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World’s Most Mysterious And Mesmerizing Forests That Will Leave You Breathless

World’s Most Mysterious And Mesmerizing Forests That Will Leave You Breathless

Forest tourism has been a popular activity for decades, as people seek out beautiful and unique landscapes across the globe. Whether its for a world-class hike or to take breathtaking photographs, we are drawn to these thickets of towering trees and diverse wildlife. The peaceful quiet and the absence of most of civilization’s marks allows us moments in time we never forget. Below are some of the world’s most stunning, unforgettable forests. Where would you go first?

Crooked Forest, Poland

    image source: Lisa Beach650 via Flickr

    The Crooked Forest is exactly what it sounds like: a small forest of bent pine trees, located in western Poland. The trees were planted around 1930, when Germany controlled Poland, and grew with their bent shapes at roughly 90 degree angles. Some guess it was a deliberate modification by humans, though no one can say how or why this would be done. The trees grew normally for 7-10 years before whatever method or event caused them to start growing crookedly.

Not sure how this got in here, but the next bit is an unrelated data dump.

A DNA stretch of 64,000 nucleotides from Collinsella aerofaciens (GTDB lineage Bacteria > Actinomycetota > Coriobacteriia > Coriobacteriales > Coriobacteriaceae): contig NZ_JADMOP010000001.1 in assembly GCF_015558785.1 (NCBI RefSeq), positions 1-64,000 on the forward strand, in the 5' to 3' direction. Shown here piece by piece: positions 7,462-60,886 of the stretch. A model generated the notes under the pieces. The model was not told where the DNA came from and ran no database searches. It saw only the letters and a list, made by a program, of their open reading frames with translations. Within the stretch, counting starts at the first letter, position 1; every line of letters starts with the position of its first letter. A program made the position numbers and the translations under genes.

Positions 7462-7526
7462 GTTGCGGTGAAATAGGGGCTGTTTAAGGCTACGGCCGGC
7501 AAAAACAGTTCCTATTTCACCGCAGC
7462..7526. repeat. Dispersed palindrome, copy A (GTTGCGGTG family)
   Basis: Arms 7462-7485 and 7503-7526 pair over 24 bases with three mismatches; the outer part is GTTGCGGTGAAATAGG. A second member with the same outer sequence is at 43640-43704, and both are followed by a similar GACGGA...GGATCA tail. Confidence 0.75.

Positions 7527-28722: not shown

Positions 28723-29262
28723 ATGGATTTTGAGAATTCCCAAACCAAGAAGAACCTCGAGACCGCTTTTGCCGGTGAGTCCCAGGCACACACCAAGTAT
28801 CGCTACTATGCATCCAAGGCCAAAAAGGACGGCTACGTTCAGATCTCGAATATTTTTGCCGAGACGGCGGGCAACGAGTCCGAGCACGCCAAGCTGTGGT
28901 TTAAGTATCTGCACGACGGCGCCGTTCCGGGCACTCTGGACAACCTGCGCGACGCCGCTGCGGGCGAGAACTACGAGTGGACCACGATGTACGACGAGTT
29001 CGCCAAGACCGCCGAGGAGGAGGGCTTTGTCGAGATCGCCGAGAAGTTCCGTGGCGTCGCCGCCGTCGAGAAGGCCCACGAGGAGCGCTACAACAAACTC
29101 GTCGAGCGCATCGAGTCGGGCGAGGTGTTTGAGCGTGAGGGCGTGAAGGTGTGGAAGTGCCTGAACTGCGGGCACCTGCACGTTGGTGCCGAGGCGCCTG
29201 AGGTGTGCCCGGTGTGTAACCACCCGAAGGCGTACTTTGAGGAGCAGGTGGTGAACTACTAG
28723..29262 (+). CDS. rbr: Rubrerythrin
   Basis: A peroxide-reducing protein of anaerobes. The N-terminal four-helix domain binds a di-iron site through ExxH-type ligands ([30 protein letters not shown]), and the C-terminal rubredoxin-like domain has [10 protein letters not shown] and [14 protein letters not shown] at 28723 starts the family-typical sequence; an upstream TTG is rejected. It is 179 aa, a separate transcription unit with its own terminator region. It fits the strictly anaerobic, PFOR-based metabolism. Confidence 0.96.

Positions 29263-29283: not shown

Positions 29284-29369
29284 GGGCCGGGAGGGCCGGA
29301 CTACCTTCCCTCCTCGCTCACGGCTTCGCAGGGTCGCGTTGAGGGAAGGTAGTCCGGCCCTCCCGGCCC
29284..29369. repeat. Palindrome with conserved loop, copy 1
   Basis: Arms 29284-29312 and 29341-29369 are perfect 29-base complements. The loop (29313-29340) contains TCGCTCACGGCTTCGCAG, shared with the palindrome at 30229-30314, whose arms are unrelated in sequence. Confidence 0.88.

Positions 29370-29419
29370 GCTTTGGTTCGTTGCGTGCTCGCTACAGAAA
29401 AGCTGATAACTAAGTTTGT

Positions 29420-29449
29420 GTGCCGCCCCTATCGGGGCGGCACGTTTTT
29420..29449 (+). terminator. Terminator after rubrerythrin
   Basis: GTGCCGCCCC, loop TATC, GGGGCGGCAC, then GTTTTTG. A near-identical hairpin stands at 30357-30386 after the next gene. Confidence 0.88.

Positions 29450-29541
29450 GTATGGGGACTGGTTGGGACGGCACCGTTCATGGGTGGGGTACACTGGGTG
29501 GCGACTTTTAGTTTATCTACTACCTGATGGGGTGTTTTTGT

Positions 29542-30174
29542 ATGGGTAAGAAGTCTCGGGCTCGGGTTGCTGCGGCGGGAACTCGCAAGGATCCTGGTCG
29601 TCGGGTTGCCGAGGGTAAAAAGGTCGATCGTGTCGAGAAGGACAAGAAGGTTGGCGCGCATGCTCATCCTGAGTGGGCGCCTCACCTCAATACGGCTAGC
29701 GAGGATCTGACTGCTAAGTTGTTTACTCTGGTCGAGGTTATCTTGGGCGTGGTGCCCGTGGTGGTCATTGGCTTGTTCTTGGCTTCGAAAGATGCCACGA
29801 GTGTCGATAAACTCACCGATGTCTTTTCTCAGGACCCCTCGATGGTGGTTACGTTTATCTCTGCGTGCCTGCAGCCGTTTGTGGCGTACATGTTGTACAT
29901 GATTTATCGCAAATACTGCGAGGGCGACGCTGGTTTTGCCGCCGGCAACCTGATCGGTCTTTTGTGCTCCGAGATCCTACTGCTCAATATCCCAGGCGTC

Aokigahara (Sea of Trees), Japan

      image source: keio via Flickr

      The Sea of Trees or Aokigahara forest resides northwest of Mount Fuji in Japan. It is a dark, dense forest with hidden caves and a curious absence of most wildlife. You might recognize Aokigahara for its grisly reputation as “the Suicide Forest”. In 1998, 73 dead bodies were found in the forest, with many of them appearing to be suicides. In 2002, 78; in 2004, 108; and in 2010, 54. The forest’s fame has become such a concern that watchmen have been hired to do sweeps of the forest in an attempt to prevent further suicides.

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      The Red Forest, Ukraine